Value Philosophies Applied to Reclaimed Water
Abstract:The effluent from municipal wastewater treatment plants is increasing referred to as “reclaimed water” and the facilities themselves as “water reclamation facilities”. The pricing of this reclaimed water product is evolving as utilities essentially search for the right philosophy to employ to promote the use of the product and recover capital and operational costs. Often the reuse of reclaimed water is the key to an effluent management strategy. Many times it is also a means to offset the use of potable water, extending the use of the raw water resource. It is easy for utilities to estimate the cost of implementing a reuse project. Establishing the right price for the product is more difficult and is a matter of accepting a particular pricing philosophy. This paper explores the philosophies of pricing that are emerging and defines the relationship between cost, price, and value.
Many utilities providing reclaimed water use pricing strategies based on promotional pricing to stimulate user demand instead of considering the true cost or value of the water. As reclaimed water programs have evolved from mainly effluent disposal systems to systems focusing on potable water offsets, new pricing philosophies are emerging. The price for potable water utility service for irrigation and other non-potable uses is generally based on conservation pricing methods that charge higher rates as consumers use more water. As reclaimed water began to be considered as a substitute for potable water, promotional pricing was used to gain greater consumer acceptance for the product. Now that consumers have gained confidence using reclaimed water for irrigation, and other nonpotable water uses, the perceived value of the product has increased and consumers are willing to pay more. For some utilities, the pricing philosophy has evolved to the point that reclaimed water is considered equal in value to potable water and pricing is set accordingly. This paper defines various pricing philosophies for reclaimed water and shows the impact of these philosophies on the real value of the reclaimed water product. This paper also explores factors that affect the value of reclaimed water and provides examples from the State of Florida.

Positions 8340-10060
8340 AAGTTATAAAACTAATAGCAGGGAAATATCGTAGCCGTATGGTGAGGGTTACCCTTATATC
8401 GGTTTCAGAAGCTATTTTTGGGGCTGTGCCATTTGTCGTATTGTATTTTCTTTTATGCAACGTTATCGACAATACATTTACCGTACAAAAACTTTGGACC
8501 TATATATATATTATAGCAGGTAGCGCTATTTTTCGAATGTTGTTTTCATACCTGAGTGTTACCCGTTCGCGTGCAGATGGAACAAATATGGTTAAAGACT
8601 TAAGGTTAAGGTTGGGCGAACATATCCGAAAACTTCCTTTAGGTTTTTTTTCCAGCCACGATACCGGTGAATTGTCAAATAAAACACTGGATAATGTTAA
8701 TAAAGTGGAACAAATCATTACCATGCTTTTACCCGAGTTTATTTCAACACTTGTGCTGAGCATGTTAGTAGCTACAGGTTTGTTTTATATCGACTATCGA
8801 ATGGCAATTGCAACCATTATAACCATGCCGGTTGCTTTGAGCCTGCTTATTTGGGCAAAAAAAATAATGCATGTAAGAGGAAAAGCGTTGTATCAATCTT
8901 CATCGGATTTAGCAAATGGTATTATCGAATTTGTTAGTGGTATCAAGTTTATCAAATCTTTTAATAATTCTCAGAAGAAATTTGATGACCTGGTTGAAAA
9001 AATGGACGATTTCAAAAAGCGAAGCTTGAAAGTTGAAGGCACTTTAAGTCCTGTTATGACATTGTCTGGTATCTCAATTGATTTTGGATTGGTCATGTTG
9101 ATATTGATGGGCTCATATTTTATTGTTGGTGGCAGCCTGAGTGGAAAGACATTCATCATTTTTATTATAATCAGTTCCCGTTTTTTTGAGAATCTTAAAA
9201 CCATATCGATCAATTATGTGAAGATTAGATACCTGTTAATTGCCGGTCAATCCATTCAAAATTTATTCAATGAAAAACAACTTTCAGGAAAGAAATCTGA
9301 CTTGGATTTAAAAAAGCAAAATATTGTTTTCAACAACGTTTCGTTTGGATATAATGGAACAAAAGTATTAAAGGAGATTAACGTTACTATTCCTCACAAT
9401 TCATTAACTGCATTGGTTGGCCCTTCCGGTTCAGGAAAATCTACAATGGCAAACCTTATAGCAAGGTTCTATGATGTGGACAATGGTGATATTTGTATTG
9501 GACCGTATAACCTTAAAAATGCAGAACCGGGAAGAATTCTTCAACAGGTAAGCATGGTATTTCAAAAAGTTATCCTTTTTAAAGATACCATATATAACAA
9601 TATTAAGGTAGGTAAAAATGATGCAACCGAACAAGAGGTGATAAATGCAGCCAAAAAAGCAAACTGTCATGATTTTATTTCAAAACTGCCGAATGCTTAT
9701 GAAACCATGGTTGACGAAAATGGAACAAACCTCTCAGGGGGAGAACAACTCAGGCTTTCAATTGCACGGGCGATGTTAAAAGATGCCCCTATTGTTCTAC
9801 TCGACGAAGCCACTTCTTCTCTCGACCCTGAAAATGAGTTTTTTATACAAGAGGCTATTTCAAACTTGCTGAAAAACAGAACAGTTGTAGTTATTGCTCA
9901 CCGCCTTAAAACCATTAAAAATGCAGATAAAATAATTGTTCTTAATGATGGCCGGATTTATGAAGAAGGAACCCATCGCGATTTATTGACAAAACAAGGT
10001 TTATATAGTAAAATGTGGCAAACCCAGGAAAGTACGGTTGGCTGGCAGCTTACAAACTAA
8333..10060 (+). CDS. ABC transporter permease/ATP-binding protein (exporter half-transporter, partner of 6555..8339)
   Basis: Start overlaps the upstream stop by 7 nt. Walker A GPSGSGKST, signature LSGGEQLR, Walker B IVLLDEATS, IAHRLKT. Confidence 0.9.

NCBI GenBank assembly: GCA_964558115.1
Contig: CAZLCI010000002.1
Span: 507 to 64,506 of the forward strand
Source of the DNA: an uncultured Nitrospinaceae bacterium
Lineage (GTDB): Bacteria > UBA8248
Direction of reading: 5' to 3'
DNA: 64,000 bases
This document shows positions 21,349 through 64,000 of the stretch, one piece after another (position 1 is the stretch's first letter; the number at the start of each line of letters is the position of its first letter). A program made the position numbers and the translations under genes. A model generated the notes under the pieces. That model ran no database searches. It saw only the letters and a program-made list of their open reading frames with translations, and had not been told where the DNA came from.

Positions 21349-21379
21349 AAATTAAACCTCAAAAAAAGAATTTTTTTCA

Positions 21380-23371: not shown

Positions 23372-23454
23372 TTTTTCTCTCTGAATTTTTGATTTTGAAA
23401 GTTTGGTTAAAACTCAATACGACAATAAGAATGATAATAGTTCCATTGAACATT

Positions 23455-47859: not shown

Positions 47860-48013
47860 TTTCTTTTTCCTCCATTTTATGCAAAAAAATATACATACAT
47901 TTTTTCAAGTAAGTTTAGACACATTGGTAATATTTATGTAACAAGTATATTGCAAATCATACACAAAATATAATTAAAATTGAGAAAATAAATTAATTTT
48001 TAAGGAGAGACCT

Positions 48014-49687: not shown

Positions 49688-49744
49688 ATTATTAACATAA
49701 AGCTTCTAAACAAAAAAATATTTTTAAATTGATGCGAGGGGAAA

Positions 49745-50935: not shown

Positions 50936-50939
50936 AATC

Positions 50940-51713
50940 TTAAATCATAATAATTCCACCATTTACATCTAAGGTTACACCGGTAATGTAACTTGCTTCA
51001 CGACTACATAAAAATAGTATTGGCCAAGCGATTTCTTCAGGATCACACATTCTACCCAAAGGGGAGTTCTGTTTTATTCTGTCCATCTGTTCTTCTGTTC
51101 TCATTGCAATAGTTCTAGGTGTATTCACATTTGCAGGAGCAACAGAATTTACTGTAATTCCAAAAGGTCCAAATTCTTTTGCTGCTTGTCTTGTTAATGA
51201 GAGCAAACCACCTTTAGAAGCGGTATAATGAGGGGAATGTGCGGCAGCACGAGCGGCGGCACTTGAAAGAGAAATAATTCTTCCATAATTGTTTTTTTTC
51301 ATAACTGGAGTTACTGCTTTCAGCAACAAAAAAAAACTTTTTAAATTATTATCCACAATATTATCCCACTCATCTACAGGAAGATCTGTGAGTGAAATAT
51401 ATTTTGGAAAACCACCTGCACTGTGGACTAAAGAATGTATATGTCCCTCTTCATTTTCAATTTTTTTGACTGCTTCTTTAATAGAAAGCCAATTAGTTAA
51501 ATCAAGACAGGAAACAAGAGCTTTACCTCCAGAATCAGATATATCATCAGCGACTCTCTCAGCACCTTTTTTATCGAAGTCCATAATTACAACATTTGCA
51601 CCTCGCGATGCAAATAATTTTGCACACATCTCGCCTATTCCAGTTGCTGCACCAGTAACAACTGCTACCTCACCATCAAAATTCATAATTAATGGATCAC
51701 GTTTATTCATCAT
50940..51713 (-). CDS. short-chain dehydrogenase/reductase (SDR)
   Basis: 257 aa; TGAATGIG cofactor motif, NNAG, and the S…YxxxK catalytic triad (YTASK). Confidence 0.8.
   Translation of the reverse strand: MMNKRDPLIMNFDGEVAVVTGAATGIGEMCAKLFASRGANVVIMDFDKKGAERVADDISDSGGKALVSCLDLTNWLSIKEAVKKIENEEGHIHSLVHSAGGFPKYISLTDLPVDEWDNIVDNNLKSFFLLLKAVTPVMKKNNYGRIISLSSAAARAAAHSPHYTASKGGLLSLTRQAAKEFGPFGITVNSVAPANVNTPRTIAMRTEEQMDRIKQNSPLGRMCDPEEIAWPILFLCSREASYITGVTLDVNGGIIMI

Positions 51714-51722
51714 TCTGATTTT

Document Type: Research Article
Publication date: 2011-01-01
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